The beginning of 2022 brought bloodshed to the streets of Almaty in Kazakhstan – hundreds of dead, thousands of detained, foreign military intervention, tightening of political grip and the fall of the former ruling clan of Nazarbayev’s. There are still a lot of open questions, but after one month there are already important changes and events that will shape the future of the country in coming years, maybe decades.
Recapitulation of protests
Protests across the country began on 2nd January when the prices of liquefied gas (LPG) experienced a sudden sharp increase. The protests began peacefully in the city of Zhanaozen, but they quickly spread to other cities in the country. When protesters took into the streets of Almaty on 4th January, the situation changed from peaceful protest to clashes with security forces and looting very quickly. That same day, president Kassym-Jomart Tokayev signed a decree of a state of emergency in the former capital.
In a period of 2 days demands over prices of gas changed into political ones, but a violent protest in Almaty was mercilessly crushed by security forces. The situation in the biggest Kazakh city led to the disbanding of protests in other cities in fear of the same bloodshed. The big role was also played by an intervention of the Russian Federation and its allies from the Collective Security Treaty Organization (CSTO), invited by the Kazakh government to protect critical infrastructure. The death toll is 225 killed during the unrest, a number claimed by Kazakh officials. The real numbers will probably remain unknown.
Intervention in Kazakhstan was the first major action taken by this post-soviet security organization led by the Russian Federation. According to the first reports, there were supposed to be deployed more than 3 000 Russians, around 500 Belarussians and hundreds of soldiers from other member states. In the end, the final number was around 2 500 soldiers in total from all the member states.
What is more important than a number of deployed units, in this case, is a message coming from it. CSTO did not react for almost 30 years of its existence. There were a few cases, when it could intervene, such as unrest in Kyrgyzstan in the first decade of the 21st century, a border conflict between Kyrgyzstan and Tajikistan or the Nagorno-Karabakh war in 2020.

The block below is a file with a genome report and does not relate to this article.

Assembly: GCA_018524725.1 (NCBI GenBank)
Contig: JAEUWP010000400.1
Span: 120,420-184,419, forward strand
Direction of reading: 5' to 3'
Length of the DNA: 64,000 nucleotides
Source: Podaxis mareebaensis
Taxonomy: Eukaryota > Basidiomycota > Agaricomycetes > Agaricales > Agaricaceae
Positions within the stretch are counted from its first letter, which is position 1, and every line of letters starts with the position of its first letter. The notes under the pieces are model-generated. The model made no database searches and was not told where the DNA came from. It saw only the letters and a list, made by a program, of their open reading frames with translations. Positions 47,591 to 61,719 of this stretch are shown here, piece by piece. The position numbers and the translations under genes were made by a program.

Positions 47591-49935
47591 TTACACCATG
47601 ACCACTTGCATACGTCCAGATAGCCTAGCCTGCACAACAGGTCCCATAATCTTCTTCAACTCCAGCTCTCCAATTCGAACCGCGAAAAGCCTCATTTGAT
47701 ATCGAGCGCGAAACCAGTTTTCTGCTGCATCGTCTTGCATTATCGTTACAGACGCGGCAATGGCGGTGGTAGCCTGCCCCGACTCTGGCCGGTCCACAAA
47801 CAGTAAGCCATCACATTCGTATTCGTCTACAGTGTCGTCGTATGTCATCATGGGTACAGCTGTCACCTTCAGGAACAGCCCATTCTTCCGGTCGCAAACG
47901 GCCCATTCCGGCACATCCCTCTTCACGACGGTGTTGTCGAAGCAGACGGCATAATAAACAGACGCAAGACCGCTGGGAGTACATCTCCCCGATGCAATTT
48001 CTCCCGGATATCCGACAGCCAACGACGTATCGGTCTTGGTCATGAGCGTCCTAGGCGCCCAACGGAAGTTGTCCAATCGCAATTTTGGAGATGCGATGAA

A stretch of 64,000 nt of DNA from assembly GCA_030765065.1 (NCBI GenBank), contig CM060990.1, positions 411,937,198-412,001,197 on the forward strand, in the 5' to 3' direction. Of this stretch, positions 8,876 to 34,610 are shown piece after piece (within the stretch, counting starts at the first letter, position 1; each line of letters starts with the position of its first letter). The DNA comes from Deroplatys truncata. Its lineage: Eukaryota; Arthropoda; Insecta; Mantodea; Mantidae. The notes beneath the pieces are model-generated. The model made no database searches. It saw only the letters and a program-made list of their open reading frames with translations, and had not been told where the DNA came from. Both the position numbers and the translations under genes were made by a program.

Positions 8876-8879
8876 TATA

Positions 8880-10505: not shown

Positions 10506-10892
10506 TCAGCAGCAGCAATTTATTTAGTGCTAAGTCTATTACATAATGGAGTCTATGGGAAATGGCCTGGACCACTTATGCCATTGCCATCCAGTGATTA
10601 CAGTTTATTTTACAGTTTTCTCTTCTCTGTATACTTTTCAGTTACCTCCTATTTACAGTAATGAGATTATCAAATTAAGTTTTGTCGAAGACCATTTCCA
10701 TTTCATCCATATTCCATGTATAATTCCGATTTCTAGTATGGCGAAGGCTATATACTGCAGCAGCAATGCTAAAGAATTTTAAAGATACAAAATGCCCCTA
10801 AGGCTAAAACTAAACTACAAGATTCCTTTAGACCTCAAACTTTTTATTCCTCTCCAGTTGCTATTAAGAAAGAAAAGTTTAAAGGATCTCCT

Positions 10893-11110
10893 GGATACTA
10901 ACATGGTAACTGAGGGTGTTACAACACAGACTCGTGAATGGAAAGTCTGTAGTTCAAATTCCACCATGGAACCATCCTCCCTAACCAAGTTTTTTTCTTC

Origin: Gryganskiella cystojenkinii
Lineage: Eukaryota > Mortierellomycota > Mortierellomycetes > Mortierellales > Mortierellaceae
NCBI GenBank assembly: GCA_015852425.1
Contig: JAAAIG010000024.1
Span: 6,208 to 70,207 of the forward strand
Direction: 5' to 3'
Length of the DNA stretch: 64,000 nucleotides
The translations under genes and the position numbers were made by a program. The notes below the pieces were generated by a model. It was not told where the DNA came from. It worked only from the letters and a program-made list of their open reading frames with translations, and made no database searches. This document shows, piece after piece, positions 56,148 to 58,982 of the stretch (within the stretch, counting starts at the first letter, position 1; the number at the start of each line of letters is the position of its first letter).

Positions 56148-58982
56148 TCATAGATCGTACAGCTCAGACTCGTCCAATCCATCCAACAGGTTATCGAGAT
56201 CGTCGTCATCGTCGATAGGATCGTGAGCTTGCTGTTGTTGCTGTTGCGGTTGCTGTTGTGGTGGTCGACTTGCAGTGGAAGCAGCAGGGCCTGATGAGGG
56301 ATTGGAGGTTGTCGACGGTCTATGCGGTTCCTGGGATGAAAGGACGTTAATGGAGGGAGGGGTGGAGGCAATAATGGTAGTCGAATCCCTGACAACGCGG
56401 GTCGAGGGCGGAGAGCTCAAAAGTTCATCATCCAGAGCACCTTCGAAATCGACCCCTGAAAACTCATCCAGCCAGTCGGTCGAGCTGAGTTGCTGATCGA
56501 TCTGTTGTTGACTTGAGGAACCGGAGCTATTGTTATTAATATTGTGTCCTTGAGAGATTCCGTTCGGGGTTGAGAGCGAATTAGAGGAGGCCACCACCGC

What were the turning point and justification for CSTO intervention then? According to article 4 of the CSTO treaty: “If one of the Member States undergoes aggression, it will be considered by the Member States as aggression to all the Member States of this Treaty. In case of aggression commission to any of the Member States, all the other Member States at request of this Member State shall immediately provide the latter with the necessary help, including military one”. President Tokayev started to use the narrative of terrorists and foreign bandit groups as a pretext to legitimate the request of CSTO deployment. Vladimir Putin supported this narrative and agreed on CSTO deployment, where the Russian army was swiftly dispatched to the country.
Fall of Nazarbayev clan?
Another political story was going on behind the veil of news covering the violence and unrest. Former president Nursultan Nazarbayev, who ruled Kazakhstan for almost 30 years, lost his position as Chairman of the Security Council of Kazakhstan, which was supposed to be his lifetime position after he resigned from the presidential position in 2019. His resignation was a result of anti-government protests between 2018-2020. During the latest unrest in January, his statues were torn down. This was a rare and almost shocking sight as something like this has not happened before. His position now belongs to Tokayev.
Moreover, Nazarbayev also stepped down from the position of head of Kazakhstan’s ruling party, Nur-Otan. He was replaced by no one else, but Tokayev. Furthermore, his three sons-in-law have resigned from their heading posts of Kazakhstan’s oil and gas industry. What’s more, his former ally, the head of the National Security Committee (KNB) Karim Massimov, is facing treason charges.
Tokayev in the coming days after unrest expressed some public remarks towards Nazarbayev: “Thanks to the first president… a group of very profitable companies has appeared in the country, as has a group of people who are rich, even by international standards,” or: “Let us pay tribute to the historical merits of the first president, highlight his undoubted successes… and leave possible miscalculations as a warning to the future leaders of our country”.
Narrative of elite conflict in Kazakhstan was confronted by Nazarbayev himself when he appeared in a video statement, where he declared support to Tokayev and dismissed the possibility of internal political conflict.
To sum it up, we saw a tightening of the political grip by president Tokayev, the first and swift military action of the CSTO, and the fall of the Nazarbayev clan. For Kazakhstan and the region, it brings a lot of possible directions for the coming years or decades.
The reaction of CSTO confirmed the military dominance of the Russian Federation over the region of Central Asia. Deployment of forces can be seen as a message to all the member states, that in case of internal unrest, Moscow can decide to preserve the regime even with power and force, as did in Kazakhstan.
Without making any predictions, the future of Kazakhstan now depends on one thing – how president Tokayev will handle his accumulated power. Will there be new elections, where the opposition will participate freely, or will he turn into the next Nazarbayev and rule as an autocratic leader? For now, he has all the power to choose either of the options. The former president lost all his positions and political power, there is nobody left as a political obstacle.
Author: Richard Straka
Picture source: https://pixabay.com/images/id-1184097/